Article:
Brining is one of the oldest kitchen techniques in the world; it’s a very common way to preserve food with salt. It’s also an amazingly simple way to make the juiciest chicken you’ve ever had!
Yield: 4-6 Servings
2 quarts water
1/2 cup salt
1/2 cup sugar
1 fresh chicken
1 chopped onion
a few chopped parsnips
a few chopped carrots
a few stalks of chopped celery
a splash olive oil
Whisk the salt and sugar into the water until they’re completely dissolved. Place the chicken in a large bowl or pot and cover with the water. Refrigerate it in the brine for an hour or two then remove it and dry well with a clean towel.
Preheat your oven to 350F. Toss the vegetables with the oil and a bit of salt and pepper then pour them into a casserole dish or shallow roasting pan. Sit the chicken on top and roast it until an instant read thermometer registers 160F in the thickest part of the breast and 165F in the thigh. Cooking time depends on the size of your chicken.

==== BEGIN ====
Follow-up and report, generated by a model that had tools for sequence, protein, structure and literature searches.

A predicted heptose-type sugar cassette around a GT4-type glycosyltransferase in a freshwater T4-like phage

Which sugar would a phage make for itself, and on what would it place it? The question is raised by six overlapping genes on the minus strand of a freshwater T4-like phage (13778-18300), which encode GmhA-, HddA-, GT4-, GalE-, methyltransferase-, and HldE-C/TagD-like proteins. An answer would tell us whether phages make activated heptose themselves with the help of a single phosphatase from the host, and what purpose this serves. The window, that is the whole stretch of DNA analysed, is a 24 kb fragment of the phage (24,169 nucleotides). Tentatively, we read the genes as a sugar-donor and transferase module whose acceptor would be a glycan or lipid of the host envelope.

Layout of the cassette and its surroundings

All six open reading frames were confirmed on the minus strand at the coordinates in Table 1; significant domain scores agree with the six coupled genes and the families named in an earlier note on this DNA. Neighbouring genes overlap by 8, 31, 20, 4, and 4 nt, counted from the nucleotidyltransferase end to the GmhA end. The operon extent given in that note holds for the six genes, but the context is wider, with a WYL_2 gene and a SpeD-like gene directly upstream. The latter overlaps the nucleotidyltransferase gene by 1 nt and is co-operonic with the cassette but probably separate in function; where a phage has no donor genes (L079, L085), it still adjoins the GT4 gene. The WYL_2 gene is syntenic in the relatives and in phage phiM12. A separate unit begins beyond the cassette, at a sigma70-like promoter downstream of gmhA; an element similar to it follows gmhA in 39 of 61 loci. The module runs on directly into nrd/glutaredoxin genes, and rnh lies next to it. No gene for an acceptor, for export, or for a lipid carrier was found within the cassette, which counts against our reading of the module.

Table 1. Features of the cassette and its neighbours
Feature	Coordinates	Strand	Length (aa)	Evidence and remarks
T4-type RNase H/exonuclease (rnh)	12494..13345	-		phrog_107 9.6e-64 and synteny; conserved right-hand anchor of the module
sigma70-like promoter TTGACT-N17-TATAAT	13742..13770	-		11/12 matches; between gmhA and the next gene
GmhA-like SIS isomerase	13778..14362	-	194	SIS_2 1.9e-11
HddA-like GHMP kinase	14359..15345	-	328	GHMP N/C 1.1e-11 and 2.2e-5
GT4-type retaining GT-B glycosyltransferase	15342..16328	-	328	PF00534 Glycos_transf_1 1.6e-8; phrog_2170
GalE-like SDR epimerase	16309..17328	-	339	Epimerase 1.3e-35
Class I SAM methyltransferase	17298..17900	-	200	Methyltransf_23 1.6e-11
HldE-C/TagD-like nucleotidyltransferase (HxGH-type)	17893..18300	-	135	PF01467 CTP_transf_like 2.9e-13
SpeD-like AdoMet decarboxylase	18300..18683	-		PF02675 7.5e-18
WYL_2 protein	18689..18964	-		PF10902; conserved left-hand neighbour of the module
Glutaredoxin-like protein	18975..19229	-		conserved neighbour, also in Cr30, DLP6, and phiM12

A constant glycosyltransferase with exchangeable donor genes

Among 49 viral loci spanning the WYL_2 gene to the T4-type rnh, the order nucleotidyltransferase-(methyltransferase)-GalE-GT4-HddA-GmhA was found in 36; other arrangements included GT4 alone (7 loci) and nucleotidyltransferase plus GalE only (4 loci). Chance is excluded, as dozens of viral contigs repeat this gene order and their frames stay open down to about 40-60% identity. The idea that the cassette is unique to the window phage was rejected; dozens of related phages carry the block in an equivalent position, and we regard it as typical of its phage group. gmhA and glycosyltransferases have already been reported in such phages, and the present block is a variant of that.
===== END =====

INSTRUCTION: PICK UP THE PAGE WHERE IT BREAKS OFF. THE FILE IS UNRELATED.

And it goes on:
As soon as the chicken is cool enough to handle – and without taking it out of the pan – cut off the legs and slice off the breasts. Cut as much of the meat as possible off the bones and stir into the vegetables. Serve together.
You found it! This is the single most requested recipe in my entire repertoire. Maybe its because the sweet, sour, spicy, salty and savoury flavours of Thailand are one of my favourite ways to fill a bowl. They’re seductively addictive, always well balanced and one of the world’s great cuisines. They’re also easy! This is a very simple dish to make.
The thighs of a chicken are my favourite cut. They’re inexpensive and have way more flavour than the bland breast. I usually braise them because it’s easy and they go with just about anything. I love the way they soak up the earthy flavours of the mushrooms in this dish.